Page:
Sarah Goodyear tells an amusing—and relatable—tale of traffic woe over at CityLab. She usually avoids driving in New York City, but in this instance, decided to use a car. Alas, it didn’t take long for things to go awry:
Already I had been honked at by other drivers twice, once for yielding to pedestrians in the crosswalk (the honker zoomed around me and through the intersection, just behind some people on foot) and once for no discernible reason.
Very consciously, I try to approach urban driving with calm and deliberation, following all the rules, proceeding within the speed limit with due care, and never honking unless there’s danger involved (that’s the law, by the way). …
But here I was, quickly reduced to cursing at the world outside my metal and glass bubble and honking myself, trying to get the attention of the guy who had left his car like a piece of used Kleenex in the street. The time it took me to become a monstrous ball of impatience: about 10 minutes. Just add car.
Many (if not all) of us who live in or around a large city have been in a similar situation. On the few occasions I’ve ventured to drive into Washington, D.C., I have regretted the decision almost as soon as my wheels hit George Washington Parkway. It’s not just the claustrophobic congestion or unbearably long intersection lines: it’s the demeanor of those around you, and the demeanor which seems to be thrust upon you as you drive. Because we are all in separate bubbles, encased in our own worlds, it becomes almost impossible to be polite, empathetic, understanding. In the car, each individual reigns supreme—and the road becomes a warring battlefield of selfish sovereigns.
Why is this the case? Goodyear believes that it’s largely the fault of the car itself: “The car is often—let’s say even usually—the wrong tool for the job in a dense urban setting,” she writes. “Using the wrong tool makes you frustrated and impatient. It can quickly turn you into a jerk, even if you are a decent human, as indeed most people are.”
I can’t help but agree: though there isn’t anything wrong with driving per se, driving in dense urban areas creates a whole host of perils and frustrations. Washington, D.C.’s streets are densely packed with pedestrians and bicycles. Streets are often narrow, leaving little room to change lanes or make turns.
But making streets larger won’t help fix the problem in cities like D.C. or New York City. Wider roads, with more lanes, only encourages more drivers and greater speed. This atmosphere can be exceedingly perilous in dense areas, when you mix pedestrians, buses, and bikes into the equation.
Some of this can be fixed via law enforcement: when speeding or careless drivers get tickets, they’re reminded to be more careful. But some of it may also need to involve the careful designing of a conscientious developer: Zainab Mudallal notes that Sweden has drastically cut road deaths by building different sorts of roads—roads that prioritize safety over speed. “We are going much more for engineering than enforcement,” Matts-Åke Belin, a government traffic safety strategist, told him.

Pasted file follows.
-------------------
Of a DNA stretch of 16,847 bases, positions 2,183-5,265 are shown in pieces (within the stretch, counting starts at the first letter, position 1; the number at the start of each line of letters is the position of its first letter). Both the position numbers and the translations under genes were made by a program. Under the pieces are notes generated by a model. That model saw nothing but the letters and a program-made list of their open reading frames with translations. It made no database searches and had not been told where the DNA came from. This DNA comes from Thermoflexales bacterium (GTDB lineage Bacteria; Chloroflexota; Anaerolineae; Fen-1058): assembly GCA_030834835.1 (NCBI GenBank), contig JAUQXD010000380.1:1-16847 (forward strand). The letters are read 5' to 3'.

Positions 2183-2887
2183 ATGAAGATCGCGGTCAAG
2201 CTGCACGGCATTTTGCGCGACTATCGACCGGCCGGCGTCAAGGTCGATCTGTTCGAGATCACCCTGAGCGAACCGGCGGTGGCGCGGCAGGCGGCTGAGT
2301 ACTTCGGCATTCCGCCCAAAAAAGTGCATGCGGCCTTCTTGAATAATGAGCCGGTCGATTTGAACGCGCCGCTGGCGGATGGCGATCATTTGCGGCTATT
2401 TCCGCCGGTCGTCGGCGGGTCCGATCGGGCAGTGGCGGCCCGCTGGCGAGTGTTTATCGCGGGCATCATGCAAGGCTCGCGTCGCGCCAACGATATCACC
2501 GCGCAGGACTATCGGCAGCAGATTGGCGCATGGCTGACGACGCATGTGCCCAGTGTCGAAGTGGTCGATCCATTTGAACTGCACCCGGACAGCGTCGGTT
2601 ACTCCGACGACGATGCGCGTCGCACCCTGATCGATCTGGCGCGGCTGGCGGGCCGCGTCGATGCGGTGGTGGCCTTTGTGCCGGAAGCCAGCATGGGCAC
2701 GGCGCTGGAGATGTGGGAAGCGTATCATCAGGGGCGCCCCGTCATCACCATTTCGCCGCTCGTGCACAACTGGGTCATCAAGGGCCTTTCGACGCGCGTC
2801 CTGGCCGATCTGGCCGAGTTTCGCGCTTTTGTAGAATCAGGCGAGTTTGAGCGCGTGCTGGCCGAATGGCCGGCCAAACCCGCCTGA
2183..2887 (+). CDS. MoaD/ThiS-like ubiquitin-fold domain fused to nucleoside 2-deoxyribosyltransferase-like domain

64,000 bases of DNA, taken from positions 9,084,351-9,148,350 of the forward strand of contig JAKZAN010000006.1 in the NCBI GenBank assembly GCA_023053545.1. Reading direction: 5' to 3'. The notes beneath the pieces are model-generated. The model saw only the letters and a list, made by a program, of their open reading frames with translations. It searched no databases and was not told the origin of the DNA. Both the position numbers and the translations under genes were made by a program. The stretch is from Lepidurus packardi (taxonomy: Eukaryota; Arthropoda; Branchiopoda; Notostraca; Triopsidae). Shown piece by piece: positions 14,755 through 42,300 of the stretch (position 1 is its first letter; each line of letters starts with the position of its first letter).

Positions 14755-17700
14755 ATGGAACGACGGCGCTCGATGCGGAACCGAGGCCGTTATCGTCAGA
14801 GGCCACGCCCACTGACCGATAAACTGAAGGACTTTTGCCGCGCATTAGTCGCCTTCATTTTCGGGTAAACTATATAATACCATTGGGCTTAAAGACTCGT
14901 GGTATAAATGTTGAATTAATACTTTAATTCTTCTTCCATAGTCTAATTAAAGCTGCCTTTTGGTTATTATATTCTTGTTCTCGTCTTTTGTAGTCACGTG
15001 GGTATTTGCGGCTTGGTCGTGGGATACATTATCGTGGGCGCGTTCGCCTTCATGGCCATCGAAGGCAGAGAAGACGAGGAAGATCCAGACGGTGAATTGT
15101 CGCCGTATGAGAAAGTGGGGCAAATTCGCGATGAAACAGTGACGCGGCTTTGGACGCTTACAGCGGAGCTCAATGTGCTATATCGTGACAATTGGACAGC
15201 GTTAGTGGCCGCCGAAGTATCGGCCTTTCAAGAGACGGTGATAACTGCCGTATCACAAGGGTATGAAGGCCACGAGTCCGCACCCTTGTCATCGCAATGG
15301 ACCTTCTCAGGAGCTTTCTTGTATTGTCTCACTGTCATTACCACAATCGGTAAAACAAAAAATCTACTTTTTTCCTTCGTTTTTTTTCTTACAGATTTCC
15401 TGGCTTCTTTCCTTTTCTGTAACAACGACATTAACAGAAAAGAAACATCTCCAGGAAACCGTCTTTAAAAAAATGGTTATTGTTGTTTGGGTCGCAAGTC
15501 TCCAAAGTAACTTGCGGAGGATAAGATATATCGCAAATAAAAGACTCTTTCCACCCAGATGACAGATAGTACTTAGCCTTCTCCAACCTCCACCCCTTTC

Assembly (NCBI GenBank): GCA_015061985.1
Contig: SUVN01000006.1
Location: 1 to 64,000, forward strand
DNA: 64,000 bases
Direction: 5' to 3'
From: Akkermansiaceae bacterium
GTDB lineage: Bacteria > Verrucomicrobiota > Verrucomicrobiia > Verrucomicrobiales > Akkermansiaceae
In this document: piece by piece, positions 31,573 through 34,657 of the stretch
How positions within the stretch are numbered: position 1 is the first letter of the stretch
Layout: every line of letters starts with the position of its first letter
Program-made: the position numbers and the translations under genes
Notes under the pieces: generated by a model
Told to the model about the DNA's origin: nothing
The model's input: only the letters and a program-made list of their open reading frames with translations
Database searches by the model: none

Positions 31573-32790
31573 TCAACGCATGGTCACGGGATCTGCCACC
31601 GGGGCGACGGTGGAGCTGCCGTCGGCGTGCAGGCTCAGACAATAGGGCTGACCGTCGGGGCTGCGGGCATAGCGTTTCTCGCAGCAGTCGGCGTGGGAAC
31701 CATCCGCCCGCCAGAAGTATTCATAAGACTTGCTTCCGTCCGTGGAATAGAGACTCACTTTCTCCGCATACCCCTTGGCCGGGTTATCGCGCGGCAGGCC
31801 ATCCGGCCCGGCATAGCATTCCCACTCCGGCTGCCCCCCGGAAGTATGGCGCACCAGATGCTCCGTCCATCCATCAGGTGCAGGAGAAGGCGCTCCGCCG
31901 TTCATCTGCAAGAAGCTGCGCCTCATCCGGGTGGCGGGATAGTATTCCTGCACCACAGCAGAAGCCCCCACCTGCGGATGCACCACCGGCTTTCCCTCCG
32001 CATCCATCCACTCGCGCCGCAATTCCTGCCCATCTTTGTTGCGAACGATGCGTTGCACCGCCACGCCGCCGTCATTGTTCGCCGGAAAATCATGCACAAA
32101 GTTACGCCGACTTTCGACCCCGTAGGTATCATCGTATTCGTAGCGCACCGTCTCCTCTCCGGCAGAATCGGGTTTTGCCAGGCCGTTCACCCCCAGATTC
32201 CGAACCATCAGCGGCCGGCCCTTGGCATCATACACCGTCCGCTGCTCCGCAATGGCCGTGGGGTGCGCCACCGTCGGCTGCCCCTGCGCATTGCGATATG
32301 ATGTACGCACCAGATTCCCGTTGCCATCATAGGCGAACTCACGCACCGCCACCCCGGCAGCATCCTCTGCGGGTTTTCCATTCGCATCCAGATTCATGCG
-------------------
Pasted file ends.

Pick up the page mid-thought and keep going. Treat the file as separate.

How could we apply these lessons to the realm of driving in the city? Washington, D.C. continues to build more protected bike lanes in the district, in hopes of encouraging a different sort of traffic. The protected lanes have already had a good impact in other U.S. cities, encouraging a safe and segregated means of travel for cars and bikers. The biggest challenge is, it seems, in the implementation period, during which time there are segmented pieces of protected lanes interspersed with normal traffic lanes. “They create a strange dissonance for people riding on them,” writes Goodyear in a post for Next City. “One minute you are pedaling along feeling relaxed and calm, the next your adrenaline shoots back up as you get spit back out into traffic, often without much indication as to where you are supposed to go next.”
But it also seems that the narrow cobblestone roads of years past may not be a bad option for many portions of the city: they encourage pedestrians, streetcars, and bikers—the slower sorts of traffic—but discourage a heavy amount of car traffic. And this may help drivers learn to use the right tool in the right environment: picking metro cards over car keys.
I don’t condemn the use of cars for commuting across the board—by no means. When I worked for an Idaho newspaper, it took me 35 minutes to drive the 35.6 miles to the office (it would probably be even faster now, because they just increased the freeway speed to 80 mph). There’s no metro system in Idaho, and it isn’t needed.
But it takes me an hour and a half to navigate the 9.5 miles from my Alexandria residence to our D.C. office, with endless frustrations along the way. So I’ll continue to ride the good old metro—and trade gray-hair-inducing moments for a book and some music.